iPhone Facebook lead developer Joe Hewitt calls it quits over App Store policies. [Update]

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by Mike
Posted November 11th, 2009 at 9:08 pm


**Update inside: webOS in Joe’s Crosshairs?…

Apple may be rolling out a new window — albeit small window — that allows iPhone devs to peer into the inner workings of the App Store approval process, but is it too little too late? The link in the previous sentence goes to an article I just wrote on how Apple can make this new found gesture of “openness” actually useful. Again, that’s already old news. It happened several hours ago. The fact of the matter is, Apple has taken so long to get to this point and stepped on so many toes, they are now pushing away the very core of the iPhone platform. Don’t believe me? Let’s just take a look at the story of Joe Hewitt, the lead ex-lead developer for the Facebook iPhone app.

Now before we go more in depth, we have to throw out the appropriate question: “It surely can’t be all Apple can it? I mean, is it just some anti-Apple bias bubbling to the surface of my inner being? Not quite. Joe admits himself that Apple is the reason he’s ditching the iPhone platform…


At first Joe announced that he was “moving on to a new project” via a tweet:

Time for me to try something new. I’ve handed the Facebook iPhone app off to another engineer, and I’m onto a new project.

Seems harmless enough doesn’t it? But when questioned further by TechCrunch writer Jason Kincaid, Joe responded with a surprising admission:

“My decision to stop iPhone development has had everything to do with Apple’s policies. I respect their right to manage their platform however they want, however I am philosophically opposed to the existence of their review process. I am very concerned that they are setting a horrible precedent for other software platforms, and soon gatekeepers will start infesting the lives of every software developer.

The web is still unrestricted and free, and so I am returning to my roots as a web developer. In the long term, I would like to be able to say that I helped to make the web the best mobile platform available, rather than being part of the transition to a world where every developer must go through a middleman to get their software in the hands of users.”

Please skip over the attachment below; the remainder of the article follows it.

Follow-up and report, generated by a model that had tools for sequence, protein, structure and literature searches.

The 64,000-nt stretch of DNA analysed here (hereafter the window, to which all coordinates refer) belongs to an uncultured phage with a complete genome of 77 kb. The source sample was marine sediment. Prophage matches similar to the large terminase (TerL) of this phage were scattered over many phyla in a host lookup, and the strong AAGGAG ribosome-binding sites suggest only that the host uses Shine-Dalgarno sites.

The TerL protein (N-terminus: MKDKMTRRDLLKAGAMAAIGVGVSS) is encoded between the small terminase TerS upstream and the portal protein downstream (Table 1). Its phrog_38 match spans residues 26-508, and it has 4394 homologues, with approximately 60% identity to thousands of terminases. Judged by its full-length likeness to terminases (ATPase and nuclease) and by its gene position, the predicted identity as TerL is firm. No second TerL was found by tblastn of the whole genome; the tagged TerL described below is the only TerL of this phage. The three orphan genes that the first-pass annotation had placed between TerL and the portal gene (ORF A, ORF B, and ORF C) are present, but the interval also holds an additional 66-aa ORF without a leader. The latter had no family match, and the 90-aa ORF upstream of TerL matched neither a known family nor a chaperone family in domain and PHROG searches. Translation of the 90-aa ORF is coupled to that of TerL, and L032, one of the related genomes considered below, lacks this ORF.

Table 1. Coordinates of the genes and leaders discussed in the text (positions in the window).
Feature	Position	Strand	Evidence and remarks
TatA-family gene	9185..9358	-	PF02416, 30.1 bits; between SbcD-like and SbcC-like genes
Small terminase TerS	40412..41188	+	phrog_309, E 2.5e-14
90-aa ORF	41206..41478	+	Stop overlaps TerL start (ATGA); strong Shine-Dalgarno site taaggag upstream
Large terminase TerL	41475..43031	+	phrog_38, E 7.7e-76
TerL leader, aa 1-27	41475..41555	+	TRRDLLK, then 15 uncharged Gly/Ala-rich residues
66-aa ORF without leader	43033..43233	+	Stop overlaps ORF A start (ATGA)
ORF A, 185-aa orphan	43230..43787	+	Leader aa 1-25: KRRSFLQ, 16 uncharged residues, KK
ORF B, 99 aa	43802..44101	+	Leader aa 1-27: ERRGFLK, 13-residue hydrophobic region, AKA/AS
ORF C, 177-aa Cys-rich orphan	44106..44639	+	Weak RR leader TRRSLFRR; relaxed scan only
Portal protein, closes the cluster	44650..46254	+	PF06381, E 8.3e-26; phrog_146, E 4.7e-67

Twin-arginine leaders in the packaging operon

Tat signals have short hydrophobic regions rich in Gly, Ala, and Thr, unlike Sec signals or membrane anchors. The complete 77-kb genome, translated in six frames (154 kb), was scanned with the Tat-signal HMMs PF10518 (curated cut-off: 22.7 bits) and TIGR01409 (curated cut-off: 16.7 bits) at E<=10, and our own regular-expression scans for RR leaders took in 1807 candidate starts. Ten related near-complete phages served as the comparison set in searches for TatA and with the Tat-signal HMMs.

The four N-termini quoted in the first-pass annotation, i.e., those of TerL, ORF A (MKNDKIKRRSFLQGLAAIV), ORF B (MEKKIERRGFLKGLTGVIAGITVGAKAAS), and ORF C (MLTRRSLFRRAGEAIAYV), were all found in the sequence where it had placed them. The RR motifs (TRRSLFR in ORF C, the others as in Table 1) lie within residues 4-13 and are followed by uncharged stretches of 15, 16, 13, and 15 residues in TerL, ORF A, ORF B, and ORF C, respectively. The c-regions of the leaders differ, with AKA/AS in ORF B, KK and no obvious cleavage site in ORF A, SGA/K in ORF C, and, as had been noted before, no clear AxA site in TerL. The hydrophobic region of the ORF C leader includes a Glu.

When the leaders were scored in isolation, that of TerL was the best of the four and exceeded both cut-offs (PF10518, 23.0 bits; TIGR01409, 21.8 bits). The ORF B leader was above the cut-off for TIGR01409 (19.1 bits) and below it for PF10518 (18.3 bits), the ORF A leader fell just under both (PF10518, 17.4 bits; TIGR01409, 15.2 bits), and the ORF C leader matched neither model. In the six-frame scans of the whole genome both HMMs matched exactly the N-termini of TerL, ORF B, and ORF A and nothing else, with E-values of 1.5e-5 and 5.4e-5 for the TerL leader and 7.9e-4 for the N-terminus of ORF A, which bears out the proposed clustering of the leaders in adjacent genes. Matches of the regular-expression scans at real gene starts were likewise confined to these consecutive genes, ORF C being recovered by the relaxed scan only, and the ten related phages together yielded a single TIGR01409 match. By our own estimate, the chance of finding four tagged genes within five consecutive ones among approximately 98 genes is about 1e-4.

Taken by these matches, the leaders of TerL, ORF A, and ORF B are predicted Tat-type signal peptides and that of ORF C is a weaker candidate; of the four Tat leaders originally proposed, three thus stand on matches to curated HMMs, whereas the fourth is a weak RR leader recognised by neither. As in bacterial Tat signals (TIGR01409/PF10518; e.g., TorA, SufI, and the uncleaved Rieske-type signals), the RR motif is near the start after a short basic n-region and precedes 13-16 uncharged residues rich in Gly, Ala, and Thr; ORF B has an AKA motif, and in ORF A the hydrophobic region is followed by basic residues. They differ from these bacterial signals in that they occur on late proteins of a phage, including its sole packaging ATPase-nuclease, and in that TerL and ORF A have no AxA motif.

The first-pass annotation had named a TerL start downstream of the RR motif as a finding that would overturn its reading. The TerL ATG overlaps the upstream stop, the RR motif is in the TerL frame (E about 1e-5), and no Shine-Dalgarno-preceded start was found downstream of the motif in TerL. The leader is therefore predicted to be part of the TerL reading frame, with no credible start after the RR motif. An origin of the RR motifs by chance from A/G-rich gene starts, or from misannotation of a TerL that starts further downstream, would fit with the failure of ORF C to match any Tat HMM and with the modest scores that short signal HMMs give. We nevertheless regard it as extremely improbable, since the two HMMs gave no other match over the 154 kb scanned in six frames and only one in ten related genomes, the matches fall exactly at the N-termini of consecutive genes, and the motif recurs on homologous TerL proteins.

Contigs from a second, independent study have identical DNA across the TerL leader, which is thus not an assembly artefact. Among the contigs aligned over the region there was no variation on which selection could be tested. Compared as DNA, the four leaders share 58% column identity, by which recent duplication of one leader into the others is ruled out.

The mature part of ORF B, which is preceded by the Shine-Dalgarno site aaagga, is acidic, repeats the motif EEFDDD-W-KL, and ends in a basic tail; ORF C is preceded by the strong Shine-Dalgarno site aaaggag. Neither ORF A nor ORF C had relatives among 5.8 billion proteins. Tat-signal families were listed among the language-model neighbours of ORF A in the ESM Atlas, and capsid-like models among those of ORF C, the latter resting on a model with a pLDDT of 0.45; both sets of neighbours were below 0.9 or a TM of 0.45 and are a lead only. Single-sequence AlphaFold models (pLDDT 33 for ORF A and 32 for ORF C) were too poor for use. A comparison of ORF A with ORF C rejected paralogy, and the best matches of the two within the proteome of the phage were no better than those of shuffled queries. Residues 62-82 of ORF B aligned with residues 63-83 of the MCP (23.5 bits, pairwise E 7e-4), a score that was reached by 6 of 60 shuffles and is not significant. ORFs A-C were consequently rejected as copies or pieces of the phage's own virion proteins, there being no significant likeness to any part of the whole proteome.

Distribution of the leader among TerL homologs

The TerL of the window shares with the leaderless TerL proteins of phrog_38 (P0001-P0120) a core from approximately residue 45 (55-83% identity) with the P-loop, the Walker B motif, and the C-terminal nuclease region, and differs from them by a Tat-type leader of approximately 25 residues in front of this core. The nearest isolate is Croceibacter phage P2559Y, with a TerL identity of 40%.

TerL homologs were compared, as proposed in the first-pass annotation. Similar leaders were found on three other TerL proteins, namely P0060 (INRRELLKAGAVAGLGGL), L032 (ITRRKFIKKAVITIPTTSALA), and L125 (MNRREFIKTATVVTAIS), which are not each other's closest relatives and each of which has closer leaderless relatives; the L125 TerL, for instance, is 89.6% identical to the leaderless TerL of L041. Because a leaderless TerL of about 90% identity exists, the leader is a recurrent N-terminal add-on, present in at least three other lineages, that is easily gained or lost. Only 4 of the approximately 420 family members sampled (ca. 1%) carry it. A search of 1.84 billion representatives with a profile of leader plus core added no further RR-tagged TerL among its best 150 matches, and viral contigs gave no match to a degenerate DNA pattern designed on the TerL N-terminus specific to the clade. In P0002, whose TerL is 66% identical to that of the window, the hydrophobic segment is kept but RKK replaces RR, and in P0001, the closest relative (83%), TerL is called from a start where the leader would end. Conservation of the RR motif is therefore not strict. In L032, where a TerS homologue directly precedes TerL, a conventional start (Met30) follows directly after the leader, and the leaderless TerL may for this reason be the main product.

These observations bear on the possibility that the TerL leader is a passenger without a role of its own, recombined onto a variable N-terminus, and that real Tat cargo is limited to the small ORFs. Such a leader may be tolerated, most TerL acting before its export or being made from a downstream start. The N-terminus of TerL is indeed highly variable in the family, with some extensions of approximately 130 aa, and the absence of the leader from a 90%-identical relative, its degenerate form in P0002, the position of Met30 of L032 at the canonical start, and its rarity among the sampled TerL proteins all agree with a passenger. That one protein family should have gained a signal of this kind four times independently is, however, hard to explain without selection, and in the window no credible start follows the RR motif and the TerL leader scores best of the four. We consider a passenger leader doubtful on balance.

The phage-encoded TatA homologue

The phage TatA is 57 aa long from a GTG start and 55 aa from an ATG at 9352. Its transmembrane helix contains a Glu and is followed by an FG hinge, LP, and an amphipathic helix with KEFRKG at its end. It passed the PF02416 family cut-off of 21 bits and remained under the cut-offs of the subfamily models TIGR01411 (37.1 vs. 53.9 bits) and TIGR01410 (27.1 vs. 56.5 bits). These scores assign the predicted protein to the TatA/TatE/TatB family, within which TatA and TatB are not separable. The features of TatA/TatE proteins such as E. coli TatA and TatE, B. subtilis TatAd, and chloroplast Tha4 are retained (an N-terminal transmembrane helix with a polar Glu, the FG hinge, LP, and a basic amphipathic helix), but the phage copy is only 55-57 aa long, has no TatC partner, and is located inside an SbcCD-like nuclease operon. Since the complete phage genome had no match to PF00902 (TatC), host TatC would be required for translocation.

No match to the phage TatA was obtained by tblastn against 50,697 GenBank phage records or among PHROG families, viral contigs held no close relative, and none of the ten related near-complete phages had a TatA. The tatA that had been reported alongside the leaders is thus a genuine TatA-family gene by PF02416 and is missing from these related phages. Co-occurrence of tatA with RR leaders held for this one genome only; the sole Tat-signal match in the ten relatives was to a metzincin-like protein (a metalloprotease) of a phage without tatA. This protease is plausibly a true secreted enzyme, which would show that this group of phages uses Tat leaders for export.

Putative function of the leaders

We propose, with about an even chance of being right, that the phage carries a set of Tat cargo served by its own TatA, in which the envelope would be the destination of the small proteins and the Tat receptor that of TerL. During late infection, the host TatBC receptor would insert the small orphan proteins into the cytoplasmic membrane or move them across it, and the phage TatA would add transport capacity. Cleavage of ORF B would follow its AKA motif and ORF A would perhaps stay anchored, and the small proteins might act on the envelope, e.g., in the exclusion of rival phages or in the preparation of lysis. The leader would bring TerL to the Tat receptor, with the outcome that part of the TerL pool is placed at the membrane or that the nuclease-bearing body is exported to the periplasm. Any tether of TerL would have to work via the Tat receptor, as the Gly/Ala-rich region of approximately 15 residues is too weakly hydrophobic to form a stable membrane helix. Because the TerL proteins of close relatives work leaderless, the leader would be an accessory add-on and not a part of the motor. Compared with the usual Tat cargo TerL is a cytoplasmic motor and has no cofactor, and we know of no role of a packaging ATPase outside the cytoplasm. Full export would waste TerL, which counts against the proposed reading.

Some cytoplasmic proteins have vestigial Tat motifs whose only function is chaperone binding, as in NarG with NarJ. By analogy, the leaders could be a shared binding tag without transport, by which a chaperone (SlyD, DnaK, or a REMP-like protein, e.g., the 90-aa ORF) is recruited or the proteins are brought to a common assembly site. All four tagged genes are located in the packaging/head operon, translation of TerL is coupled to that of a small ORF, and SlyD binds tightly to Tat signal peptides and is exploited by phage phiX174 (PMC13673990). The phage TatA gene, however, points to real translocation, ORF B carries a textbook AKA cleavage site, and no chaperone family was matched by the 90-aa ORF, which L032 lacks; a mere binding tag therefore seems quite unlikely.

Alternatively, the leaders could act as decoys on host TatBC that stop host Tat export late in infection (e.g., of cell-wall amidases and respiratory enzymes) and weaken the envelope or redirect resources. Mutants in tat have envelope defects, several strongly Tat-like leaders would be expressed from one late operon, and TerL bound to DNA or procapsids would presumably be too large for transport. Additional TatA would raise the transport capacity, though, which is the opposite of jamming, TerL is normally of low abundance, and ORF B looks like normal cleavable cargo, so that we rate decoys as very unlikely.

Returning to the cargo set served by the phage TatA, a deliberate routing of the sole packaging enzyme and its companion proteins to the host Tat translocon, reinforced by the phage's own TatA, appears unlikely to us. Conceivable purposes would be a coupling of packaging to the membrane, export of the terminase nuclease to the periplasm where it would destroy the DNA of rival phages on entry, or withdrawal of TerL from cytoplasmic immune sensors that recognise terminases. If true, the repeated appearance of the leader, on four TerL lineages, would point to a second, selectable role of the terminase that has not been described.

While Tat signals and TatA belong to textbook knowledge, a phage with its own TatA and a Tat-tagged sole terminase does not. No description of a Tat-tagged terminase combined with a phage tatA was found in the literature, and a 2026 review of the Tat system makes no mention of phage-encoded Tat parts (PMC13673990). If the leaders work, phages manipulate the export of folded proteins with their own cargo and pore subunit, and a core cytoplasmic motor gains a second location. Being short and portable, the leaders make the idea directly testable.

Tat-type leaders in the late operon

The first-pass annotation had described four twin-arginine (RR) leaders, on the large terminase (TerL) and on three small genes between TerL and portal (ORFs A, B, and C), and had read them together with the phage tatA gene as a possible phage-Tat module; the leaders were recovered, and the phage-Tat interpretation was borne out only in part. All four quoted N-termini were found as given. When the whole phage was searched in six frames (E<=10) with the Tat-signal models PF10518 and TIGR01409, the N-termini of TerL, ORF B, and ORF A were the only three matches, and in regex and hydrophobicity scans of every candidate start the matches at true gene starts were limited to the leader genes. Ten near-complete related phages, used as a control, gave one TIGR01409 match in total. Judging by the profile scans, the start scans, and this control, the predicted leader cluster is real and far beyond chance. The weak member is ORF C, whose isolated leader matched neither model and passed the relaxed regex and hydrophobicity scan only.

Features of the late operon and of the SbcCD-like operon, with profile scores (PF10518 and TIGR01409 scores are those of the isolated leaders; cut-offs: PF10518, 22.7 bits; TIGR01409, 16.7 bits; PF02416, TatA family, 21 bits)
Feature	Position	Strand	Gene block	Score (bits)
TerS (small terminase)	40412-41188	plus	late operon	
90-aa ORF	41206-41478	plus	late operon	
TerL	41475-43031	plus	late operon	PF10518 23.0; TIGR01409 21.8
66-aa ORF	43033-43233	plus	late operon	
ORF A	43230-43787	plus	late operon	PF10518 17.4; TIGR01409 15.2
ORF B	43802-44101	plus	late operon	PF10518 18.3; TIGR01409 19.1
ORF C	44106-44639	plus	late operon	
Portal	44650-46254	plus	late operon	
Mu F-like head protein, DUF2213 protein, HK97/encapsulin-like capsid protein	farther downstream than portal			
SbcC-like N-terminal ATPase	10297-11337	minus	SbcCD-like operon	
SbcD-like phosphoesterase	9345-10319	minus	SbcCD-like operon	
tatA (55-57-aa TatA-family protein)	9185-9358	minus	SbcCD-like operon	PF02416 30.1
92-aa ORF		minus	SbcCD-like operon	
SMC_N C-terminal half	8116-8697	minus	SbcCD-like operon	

I as well as numerous other bloggers have been saying for months that Apple is destroying their App Store from within. This account by Joe, a prominent developer of an extremely popular app, has the ability to send shockwaves through the app store. Smaller dev companies and independent devs may not have felt like it would have mattered as their smaller size in the grand scheme of things is nothing but a drop in the bucket. Now that a major player has voiced displeasure and moved on, could we see more devs following suit?

In all honesty, now that the iPhone has become the only “cool” phone and in fact transformed itself into the staple image of what a smartphone is (much like Google became a verb), I don’t see even Joe’s departure as big enough to open peoples’ glazed over eyes to the real problems lurking inside the App Store model. I just hope that more devs that were on the fence now have the motivation. I also hope that Apple realizes the great disservice they’re doing to devs and customers alike and change accordingly. Multiple big, popular app stores are the best thing for all of us.

So what’s next for Joe? Who knows. He could be on the cusp of developing the next great mobile app. Or, he could be Well, he is taking his social networking prowess/Facebooking skills over to another platform. At this point any platform is fair game. Though his voicing disapproval for locked down policies could point to a new found friend in Android. Hey, the Android Facebook app is pretty weak. Oh how I can only hope….

**Update: Palm Info Center also reached out to Joe following his public comments about leaving the iPhone platform. This is what he had to say…(Palm Info Center)

I was at the event a month back where Palm announced their new app distribution policies, and I found it to be a big step up from Apple, but still not good enough. We shouldn’t have to register with Palm to distribute our app. Users should be able to download and install apps directly from any URL. Having talked to some folks there, I am optimistic they will adopt that model at some point.

I would love to develop for WebOS. It’s probably my favorite of all the current mobile OS’s, although the performance of the Pre is absolutely horrid and I can’t imagine developing for it until they optimize their software and put out better hardware.

It makes sense, a web developer by heart wants to develop for an OS that’s based on web technologies. The only thing hanging him up is webOS’s poor performance. So does this mean other OS’s are on the table?
TechCrunch

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6 ResponsesLeave a comment
  • dean collins
    November 12, 2009 at 10:50 am
    Reply

    All the cool kids are moving to Android anyway.

    Ever since the release of the Motorola Droid/Android 2.0 it’s the only platform worth considering.

    People dont like being told what to do Apple.

    • Mike
      November 12, 2009 at 10:55 am
      Reply

      Sorry dean,

      Didn’t quite understand the error the first time. After I tried myself I understood. Thanks for bringing it to my attention.

    • Mike
      November 12, 2009 at 10:55 am
      Reply

      And you’re right….we don’t like being told what to do ;)

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